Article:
the pillars of old age security how are they working fiap conference may 2005
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The Pillars of Old Age Security: How are they working? FIAP conference, May 2005. by Estelle James. Three functions of old age security systems. Mandate saving for old age Redistribute according to social objectives Insure against age-related risks

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three functions of old age security systems
Three functions of old age security systems
  • Mandate saving for old age
  • Redistribute according to social objectives
  • Insure against age-related risks
  • Traditionally, these 3 functions were bundled together in mandatory pay-as-you-go defined benefit (PAYG DB) system
  • But these often discouraged saving, gave perverse redistributions and led to non-sustainable insolvent systems despite high payroll tax
many countries now separate these functions to eliminate bad incentives and redistributions
Many countries now separate these functions, to eliminate bad incentives and redistributions
  • New pillar 2 handles mandatory saving—defined contribution (DC), funded, privately managed
  • Pillar 1 or 0 handles redistribution—defined benefit (DB), publicly managed, pay-as-you-go or general government revenues
  • Pillar 3 for voluntary saving; but I focus on mandatory system
  • Insurance—through combinations of public and private pillars.
have the reforms worked research shows
Have the reforms worked? Research shows:
  • Vast majority of workers switched to new system
  • Fiscally sustainable—liabilities not greater than assets
  • High return in early years—will support pensions with modest tax rate, even as population ages
  • In Chile helped develop financial markets, raise national saving, increase labor supply of older workers
  • Low earning contributors protected, position of women projected to improve
but important issues remain
But important issues remain:
  • 1. High administrative costs at start of Pillar 2
  • 2. Potential financial market risk in future
  • 3. Payout stage needs further development and coordination with safety net
  • 4. Doesn’t solve problem of uncovered workers
    • This depends on stage of economic development and form chosen for public pillar (pillars 0 and 1)
  • 5. Disability and survivors insurance evaluation
  • 6. High transition costs (probably in some cases too much debt finance, too little saving)
Pillar 2-- mandatory saving for old age
  • Mandatory—to prevent myopic people from undersaving, becoming a burden on others
  • Defined contribution--close link between benefits and contributions for work incentives, equity
  • Funded--to avoid intergenerational transfers, rising payroll tax rate as populations age
  • Privately managed--to get highest return, best capital allocation, avoid political pressures
Can be organized in 3 ways
  • Direct contact between workers and pension funds
    • retail market, marketing (most common; AFPs in Latin America, Eastern & Central Europe)
  • Employer-sponsored plans
    • group plans, initially collective bargained but became mandatory (Australia, Netherlands, Switzerland)
    • initially DB but now shifting to DC: less risk for employer, greater choice for worker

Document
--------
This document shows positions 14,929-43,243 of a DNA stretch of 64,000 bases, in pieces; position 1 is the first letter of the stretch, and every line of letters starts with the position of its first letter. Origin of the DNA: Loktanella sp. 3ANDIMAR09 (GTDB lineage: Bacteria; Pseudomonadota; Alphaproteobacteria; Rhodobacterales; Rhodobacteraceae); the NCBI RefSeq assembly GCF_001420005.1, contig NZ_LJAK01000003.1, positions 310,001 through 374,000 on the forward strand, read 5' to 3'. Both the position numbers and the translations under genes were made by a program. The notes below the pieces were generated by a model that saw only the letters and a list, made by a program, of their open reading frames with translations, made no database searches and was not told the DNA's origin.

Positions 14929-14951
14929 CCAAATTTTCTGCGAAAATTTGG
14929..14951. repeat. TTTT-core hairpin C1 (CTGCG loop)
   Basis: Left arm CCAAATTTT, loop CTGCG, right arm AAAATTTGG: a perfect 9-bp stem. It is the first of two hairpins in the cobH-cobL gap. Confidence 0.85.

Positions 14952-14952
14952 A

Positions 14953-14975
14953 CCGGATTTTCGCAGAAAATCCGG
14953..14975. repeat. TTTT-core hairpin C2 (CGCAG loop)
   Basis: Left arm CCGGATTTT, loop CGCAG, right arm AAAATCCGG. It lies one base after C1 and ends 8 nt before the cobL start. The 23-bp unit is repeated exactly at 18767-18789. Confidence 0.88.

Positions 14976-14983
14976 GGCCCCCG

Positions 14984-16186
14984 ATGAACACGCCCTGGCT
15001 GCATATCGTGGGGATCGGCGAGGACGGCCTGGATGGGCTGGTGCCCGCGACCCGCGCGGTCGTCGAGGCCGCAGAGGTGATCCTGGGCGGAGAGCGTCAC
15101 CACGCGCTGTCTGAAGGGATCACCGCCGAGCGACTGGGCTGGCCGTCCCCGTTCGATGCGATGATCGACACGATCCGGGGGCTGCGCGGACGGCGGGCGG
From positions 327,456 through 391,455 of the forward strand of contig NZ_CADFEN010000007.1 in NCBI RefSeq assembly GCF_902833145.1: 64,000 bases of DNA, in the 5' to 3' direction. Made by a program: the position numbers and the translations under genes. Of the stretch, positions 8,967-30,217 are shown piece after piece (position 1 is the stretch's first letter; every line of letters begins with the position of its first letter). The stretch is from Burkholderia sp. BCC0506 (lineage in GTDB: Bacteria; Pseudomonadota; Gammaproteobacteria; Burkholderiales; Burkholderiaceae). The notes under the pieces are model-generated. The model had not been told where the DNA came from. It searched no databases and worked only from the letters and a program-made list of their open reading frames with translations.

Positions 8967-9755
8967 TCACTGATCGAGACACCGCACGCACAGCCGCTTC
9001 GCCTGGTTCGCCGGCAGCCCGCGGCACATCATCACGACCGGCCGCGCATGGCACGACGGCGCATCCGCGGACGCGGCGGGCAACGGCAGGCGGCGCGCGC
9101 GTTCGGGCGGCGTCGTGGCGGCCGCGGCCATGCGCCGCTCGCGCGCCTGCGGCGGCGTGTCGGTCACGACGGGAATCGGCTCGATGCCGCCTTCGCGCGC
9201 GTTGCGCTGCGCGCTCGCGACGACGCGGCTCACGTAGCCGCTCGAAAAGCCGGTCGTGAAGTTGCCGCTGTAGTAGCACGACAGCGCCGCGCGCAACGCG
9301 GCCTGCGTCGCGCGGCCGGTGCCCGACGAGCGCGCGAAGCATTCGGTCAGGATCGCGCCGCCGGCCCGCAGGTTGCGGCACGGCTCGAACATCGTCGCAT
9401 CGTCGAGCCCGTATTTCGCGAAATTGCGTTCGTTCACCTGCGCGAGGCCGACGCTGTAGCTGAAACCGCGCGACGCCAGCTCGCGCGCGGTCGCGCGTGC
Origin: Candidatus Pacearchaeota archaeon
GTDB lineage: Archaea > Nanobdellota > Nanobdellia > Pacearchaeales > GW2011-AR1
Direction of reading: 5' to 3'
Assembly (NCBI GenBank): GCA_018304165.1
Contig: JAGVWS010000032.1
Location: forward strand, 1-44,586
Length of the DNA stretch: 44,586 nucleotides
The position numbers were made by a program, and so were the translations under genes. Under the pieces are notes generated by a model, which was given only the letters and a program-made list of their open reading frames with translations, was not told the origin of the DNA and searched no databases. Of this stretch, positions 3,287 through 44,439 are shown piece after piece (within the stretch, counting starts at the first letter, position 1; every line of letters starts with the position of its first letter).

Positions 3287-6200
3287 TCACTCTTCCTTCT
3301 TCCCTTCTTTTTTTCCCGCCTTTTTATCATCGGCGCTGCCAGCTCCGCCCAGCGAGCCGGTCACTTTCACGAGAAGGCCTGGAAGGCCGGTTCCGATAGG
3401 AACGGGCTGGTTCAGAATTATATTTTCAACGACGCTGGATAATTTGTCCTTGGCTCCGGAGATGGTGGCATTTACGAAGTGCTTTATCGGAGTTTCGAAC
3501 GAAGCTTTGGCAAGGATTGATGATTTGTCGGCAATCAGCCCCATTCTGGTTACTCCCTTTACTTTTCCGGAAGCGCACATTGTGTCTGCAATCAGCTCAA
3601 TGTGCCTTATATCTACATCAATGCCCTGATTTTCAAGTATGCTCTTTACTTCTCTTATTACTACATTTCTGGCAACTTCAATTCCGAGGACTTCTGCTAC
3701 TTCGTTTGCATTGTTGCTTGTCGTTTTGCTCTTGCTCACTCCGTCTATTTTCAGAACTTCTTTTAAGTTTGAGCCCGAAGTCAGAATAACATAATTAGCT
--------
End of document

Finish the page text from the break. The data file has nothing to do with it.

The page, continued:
• Competitive bidding process to choose limited # of asset managers in institutional market
    • (Bolivia, Panama, Kosovo, U.S. Thrift Saving Plan)
    • small accounts aggregated, lower marketing costs, greater bargaining power, workers get limited choice
    • lower fees but less choice and political insulation
problem 1 administrative costs and fees very controversial
Problem 1: Administrative costs and fees—very controversial
  • If fee is 20% of contributions or 1% of assets per year, reduces final pension by 20%
  • Costs and fees are high as % of assets at start-up (fixed costs) but fall over time as assets grow.
    • In Chile over 10% of assets initially, now .7%--less than average US mutual fund
  • Higher in most other countries with newer systems
  • Large employer plans are cheaper but as they shift to DC with choice, administrative costs will rise
  • Lower costs in funds that use institutional market
are special measures needed to keep costs low in mandatory system
Are special measures needed to keep costs low in mandatory system?
  • Price competition? Doesn’t work well in financial markets, due to differentiated products, volatility, investor inexperience
  • Price controls? (Sweden)—usually not a good idea
  • Regulatory pressures? (Chile)—problematic
  • Blind allocations to cut commissions (Sweden)
  • Use institutional market? Competitive bidding, passive investments, centralized record-keeping—to exploit scale economies and bargaining power
    • These institutions didn’t exist in Latin America initially
    • They could be used by AFPs now--international investments, outsource record-keeping
Competitive bidding organized by government can lower costs but poses other problems
  • Greater danger of political manipulation
  • Possible corruption, collusion, regulatory capture
  • Choice restricted--may choose wrong #, types
  • Credible rebidding strategy needed or first entrants have long run monopoly advantage
  • Performance incentives hard to specify
  • Less flexibility, slow to adapt to new conditions, difficult to handle unforeseen contingencies
  • Less marketing means fewer workers may join
problem 2 financial market risk
Problem 2: Financial market risk
  • Not big problem in past but may increase in future
    • In Latin American and Eastern/Central Europe few financial instruments initially (bank deposits, bonds). But financial markets are developing so greater choice, risk
    • More risk for workers as employer plans shift from defined benefit to defined contribution
how to contain worker risk
How to contain worker risk